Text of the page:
January 31, 1910
POPULAR FIREMAN DIES.
"Bob" Hamilton of Kansas City,
Kas., Was "Children's Friend."
LIEUTENANT "BOB" HAMILTON.
" 'Bob' Hamilton is dead." This report yesterday in Kansas City, Kas., brought grief to young and old alike in hundreds of homes in that city, for big, good natured "Bob" Hamilton was the most popular member of the Kansas City, Kas., fire department. His death was due to typhoid fever. Officially he was known as Lieutenant Robert Hamilton of No. 1 hose company, but to the "boys" and to his hundreds of friends he was "Bob." Tributes to his personal bravery and efficiency as a fireman were paid yesterday by his superior officers and the men who worked with him.
Robert Hamilton was 31 years old and had been connected with the city fire department since June, 1906. His record as a fireman is unsurpassed, and his engaging manners and Irish wit won for him hundreds of friends. Little children or women calling at the fire station to inspect the apparatus invariably asked to be conducted about by "Bob" Hamilton. He will long be remembered as the children's friend.
Mr. Hamilton died yesterday at Bethany hospital in Kansas City, Kas. His father, John Hamilton, his mother and immediate relatives were present.
Funeral arrangements have not yet been completed, although it is probable that the burial will take place in Kansas City, Kas.
Labels: children, death, Fire, hospitals, Kansas City Kas, typhoid
January 14, 1910
FUND ONE-FIFTH COMPLETED.
Mercy Hospital for Children Still
Needs $4,000 for Extension.
One-fifth of the $5,000 needed by the Mercy hospital to furnish the second floor of their hospital for children, has been received and several other donations promised. "We have to have the money to furnish this floor," said Dr. Alice Graham, superintendent of the hospital, last night. "A short time ago we had all the patients that we could care for. I consider that $5,000 will furnish this floor and leave enough funds to pay the help for the year. We have no private income. We received a check the other day from a woman in Detroit, Mich. One large room is to be fixed up for the permanently afflicted children."
Labels: charity, children, doctors, hospitals, Mercy hospital
January 9, 1910
DYING FROM KNIFE WOUNDS.
Roommate of Isaac Dimich Held as
a Material Witness.
Isaac Dimich, a butcher living at 28 North James street, in Kansas City, Kas., is dying at St. Margaret's hospital as a result of two knife wounds. dimich and his fellow workman and roommate, Mike Wookas, attended a celebration of the Greek Christmas Friday night. Early yesterday morning, it is alleged, they quarreled and later the police officers found Dimich injured on the floor of his room. Dr. Mortimer Marder, a police surgeon, was summoned, and after he had given him emergency treatment he ordered the man taken to the hospital, where it was said last night that he could not recover.
Wookas was arrested at the packing plant of Morris & Co. yesterday morning and taken to No. 2 police station, where he is held as a material witness.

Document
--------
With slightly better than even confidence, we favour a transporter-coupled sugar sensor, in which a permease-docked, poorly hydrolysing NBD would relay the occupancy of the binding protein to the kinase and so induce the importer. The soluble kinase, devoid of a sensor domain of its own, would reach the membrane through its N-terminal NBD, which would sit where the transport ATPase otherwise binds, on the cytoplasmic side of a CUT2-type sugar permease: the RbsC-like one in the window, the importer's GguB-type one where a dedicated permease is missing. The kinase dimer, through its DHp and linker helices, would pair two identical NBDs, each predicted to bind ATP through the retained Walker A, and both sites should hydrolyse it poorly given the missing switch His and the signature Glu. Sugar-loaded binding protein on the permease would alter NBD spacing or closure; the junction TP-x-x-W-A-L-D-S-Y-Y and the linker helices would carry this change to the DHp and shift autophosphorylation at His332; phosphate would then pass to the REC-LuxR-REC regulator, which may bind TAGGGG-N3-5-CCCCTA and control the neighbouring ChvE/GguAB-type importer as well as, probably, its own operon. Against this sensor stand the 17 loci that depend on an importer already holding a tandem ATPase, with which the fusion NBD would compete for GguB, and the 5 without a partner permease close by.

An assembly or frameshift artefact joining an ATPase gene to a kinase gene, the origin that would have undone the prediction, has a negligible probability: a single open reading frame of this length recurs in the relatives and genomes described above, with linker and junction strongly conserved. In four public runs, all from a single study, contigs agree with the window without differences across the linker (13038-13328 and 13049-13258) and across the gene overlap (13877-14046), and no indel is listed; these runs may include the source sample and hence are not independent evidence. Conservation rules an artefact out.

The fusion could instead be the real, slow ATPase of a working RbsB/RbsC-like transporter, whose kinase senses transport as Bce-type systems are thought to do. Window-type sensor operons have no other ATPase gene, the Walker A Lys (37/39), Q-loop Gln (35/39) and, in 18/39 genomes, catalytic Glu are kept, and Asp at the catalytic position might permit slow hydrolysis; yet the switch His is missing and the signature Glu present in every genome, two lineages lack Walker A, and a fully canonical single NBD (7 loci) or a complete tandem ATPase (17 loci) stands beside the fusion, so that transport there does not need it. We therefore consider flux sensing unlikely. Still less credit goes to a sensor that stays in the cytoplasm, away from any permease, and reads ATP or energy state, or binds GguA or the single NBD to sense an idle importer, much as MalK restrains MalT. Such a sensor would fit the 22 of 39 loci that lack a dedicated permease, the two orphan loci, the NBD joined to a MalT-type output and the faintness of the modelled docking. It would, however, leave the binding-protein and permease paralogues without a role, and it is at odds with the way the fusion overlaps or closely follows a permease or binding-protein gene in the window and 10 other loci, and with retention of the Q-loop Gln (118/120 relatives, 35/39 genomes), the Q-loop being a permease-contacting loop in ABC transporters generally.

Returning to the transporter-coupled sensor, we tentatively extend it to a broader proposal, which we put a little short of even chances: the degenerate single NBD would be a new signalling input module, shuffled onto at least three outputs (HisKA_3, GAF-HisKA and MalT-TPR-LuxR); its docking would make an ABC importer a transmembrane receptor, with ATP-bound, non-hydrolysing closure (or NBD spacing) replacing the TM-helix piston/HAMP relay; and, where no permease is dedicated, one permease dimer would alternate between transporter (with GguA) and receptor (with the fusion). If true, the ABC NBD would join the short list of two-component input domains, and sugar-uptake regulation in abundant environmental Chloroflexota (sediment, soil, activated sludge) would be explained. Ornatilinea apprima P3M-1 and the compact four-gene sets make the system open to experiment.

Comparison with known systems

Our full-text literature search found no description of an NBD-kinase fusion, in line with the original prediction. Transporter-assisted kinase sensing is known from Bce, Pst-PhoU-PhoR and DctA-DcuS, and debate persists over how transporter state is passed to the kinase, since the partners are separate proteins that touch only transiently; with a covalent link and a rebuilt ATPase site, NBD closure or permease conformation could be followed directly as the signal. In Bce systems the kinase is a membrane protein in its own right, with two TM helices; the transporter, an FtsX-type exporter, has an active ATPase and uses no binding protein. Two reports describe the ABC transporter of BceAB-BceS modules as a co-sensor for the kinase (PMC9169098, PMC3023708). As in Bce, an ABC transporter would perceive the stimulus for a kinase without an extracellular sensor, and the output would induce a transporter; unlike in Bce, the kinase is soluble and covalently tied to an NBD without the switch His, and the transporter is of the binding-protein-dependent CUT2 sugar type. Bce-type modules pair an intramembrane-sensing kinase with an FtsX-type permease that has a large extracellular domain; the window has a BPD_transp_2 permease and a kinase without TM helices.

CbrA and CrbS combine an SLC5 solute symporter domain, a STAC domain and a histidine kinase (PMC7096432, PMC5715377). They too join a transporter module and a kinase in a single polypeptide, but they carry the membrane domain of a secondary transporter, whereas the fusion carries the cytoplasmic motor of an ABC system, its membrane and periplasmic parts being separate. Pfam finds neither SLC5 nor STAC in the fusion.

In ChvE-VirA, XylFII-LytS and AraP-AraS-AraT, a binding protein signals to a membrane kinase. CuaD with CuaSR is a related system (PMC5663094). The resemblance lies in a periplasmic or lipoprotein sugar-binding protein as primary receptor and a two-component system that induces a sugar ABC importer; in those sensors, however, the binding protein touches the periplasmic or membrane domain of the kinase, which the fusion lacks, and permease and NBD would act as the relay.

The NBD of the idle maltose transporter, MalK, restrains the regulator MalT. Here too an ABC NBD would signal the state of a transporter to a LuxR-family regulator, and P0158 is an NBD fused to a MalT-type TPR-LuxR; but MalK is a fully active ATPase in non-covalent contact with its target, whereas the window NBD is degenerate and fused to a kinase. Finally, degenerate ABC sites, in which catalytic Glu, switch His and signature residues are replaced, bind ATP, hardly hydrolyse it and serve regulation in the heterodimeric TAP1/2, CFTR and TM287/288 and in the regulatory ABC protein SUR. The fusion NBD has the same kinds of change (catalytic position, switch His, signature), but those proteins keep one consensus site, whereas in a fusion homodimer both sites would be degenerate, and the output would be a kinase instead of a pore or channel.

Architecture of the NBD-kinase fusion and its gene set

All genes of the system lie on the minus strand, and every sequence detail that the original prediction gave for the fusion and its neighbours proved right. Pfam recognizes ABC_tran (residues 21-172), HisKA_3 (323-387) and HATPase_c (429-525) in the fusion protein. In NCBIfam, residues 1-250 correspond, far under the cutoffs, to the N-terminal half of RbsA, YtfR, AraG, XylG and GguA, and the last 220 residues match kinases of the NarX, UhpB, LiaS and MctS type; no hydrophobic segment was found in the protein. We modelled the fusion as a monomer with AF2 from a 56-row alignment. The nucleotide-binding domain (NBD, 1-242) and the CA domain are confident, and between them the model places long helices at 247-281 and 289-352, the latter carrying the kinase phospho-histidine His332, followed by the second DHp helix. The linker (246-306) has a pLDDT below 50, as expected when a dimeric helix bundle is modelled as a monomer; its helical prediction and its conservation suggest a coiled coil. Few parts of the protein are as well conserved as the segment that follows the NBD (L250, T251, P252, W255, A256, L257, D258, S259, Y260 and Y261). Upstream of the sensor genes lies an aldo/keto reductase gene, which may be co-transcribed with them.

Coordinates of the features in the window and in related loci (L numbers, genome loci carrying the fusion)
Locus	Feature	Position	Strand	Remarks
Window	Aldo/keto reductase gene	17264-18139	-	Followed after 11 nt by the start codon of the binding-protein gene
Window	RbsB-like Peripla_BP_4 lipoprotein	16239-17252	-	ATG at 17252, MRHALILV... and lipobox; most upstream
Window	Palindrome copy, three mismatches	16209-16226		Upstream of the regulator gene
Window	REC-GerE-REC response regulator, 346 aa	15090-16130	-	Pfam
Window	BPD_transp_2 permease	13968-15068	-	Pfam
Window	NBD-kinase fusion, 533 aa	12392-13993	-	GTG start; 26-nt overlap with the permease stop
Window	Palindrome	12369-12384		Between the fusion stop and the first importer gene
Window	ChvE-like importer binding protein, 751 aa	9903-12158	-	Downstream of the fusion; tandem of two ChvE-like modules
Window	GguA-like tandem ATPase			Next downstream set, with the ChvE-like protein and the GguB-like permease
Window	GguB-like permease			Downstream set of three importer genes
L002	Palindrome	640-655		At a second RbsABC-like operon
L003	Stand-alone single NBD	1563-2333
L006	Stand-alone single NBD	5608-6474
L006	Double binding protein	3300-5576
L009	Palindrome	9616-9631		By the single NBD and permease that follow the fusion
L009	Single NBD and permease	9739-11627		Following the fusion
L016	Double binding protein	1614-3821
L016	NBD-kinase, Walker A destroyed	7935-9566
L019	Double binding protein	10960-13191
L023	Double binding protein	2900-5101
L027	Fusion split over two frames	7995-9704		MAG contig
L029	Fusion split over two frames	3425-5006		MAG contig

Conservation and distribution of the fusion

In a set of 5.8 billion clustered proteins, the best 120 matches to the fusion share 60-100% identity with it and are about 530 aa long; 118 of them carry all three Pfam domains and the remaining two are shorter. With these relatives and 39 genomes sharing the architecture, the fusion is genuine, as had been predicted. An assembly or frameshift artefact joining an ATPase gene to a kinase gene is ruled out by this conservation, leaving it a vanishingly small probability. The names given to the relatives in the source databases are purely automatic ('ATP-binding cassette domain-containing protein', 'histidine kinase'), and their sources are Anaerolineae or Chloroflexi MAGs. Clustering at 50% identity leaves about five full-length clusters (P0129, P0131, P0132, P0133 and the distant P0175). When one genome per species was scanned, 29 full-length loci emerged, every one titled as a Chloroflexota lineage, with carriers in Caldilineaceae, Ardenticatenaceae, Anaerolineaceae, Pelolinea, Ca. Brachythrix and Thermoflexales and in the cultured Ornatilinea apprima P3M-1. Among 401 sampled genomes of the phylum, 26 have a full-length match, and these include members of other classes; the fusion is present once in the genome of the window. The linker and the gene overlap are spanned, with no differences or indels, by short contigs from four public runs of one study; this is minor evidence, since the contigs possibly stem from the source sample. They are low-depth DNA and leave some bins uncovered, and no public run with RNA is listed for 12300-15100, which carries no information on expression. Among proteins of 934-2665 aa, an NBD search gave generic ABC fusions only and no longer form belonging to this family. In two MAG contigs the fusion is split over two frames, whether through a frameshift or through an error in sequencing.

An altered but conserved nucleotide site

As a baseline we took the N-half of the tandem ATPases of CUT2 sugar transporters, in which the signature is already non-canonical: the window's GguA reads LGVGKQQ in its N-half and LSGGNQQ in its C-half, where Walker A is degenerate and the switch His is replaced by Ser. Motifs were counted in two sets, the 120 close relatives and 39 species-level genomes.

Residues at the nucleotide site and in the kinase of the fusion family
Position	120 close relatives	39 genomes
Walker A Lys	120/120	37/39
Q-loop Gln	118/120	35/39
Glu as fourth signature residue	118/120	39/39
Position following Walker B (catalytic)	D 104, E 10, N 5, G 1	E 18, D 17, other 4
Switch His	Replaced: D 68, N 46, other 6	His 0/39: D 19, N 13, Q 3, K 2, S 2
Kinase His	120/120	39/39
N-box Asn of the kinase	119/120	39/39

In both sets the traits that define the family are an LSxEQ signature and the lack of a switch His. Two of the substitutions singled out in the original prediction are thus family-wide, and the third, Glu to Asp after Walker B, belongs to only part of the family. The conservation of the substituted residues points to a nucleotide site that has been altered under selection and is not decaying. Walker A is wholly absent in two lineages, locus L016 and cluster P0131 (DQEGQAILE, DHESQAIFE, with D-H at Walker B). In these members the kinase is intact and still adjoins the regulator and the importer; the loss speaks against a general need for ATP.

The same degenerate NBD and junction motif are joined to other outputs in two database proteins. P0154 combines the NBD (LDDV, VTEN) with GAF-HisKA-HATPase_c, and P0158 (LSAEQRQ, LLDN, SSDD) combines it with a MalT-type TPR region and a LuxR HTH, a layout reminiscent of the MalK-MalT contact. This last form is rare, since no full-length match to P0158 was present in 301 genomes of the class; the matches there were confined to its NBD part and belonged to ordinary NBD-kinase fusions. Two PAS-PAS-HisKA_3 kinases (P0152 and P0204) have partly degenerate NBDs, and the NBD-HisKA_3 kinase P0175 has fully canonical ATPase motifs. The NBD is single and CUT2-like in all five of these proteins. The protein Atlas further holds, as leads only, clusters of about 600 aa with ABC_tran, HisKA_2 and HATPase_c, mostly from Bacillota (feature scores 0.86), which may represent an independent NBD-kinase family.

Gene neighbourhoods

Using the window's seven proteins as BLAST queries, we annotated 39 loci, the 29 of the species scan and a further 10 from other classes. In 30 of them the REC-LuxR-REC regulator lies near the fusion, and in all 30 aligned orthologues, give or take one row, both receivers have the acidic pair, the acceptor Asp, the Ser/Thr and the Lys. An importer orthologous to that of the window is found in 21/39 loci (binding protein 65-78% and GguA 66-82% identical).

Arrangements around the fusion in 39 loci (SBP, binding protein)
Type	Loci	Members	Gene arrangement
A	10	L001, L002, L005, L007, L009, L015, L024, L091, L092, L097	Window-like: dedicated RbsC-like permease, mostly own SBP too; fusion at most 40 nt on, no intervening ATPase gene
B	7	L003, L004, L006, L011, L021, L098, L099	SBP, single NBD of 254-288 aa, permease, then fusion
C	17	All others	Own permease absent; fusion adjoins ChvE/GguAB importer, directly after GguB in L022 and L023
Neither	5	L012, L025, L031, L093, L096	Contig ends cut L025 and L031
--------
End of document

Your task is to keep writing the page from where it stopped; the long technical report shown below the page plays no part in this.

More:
Labels: doctors, hospitals, immigrants, violence
December 23, 1909
FOR 27 YEARS A HOTEL MAID.
Death Ends Margaret Sullivan's
Long Service at Coates House.
Margaret Sullivan, 65 years old, maid in charge of the parlor floor of the Coates house for twenty-seven years, died at St. Joseph's hospital yesterday morning of pneumonia.
Among her effects in the room at the Coates house which she occupied almost continuously while employed there, were found some papers indicating that she left a considerable estate. It is known about the hotel that she lost a large sum of money in a bank failure ten or twelve years ago. At that time sh e told the housekeeper that she would not deposit another cent in a bank, but this resolve was forgotten, for it developed yesterday that she had a certificate of deposit in the National Bank of Commerce for several hundred dollars. Just what her estate amounts to will not be known until the arrival of her two sisters, Mrs. C. R. Helbing of Grand Crossing, near Chicago, and Miss M. Sullivan of Ogdensburg, N. Y. Mrs. Helbing wired the hotel people yesterday afternoon that she would arrive this morning.
Quiet and unassuming, Miss Sullivan worked steadily day after day, never allowing herself a vacation and making herself a veritable fixture in the first big hotel of Kansas City. She would not allow an y of the other maids to assist her and was on duty regularly.
"It is supposed that Miss Sullivan had some money when she came here," said Manager Firey of the Coates house yesterday afternoon. "She received $25 a month and her board, room and laundry. She was of simple tastes and I suppose saved much fore than her salary, for the parlor floor is supposed to be worth something in the shape of gratuities to the maids, as well as to the bellboys. Her death is regretted by everyone attached to the hotel who knew her."
Labels: banking, Coates house, death, hospitals, probate
December 21, 1909
EXPLODES; BURNS TWO.
SPREADS BURNING GASOLINE
AND FIRES CLOTHING.
Mrs. Wilhelmina Kimberling, Den-
tist Newton's Assistant, in
Critical Condition -- Heavy
Rug Probably Saved Life.
Presence of mind displayed by Mrs. Wilhelmina Kimberling probably saved her life late yesterday afternoon, when a gasoline blow-pipe exploded in the office of Dr. Frank H. Newton, a dentist at 520 Minnesota avenue, Kansas City, Kas., throwing burning gasoline over her clothing and that of Dr. Newton. She ran screaming for aid from the little work room, where the explosion occurred, to the outer office, where she laid down on the heavy floor rug and folded it about her in an effort to check the flames.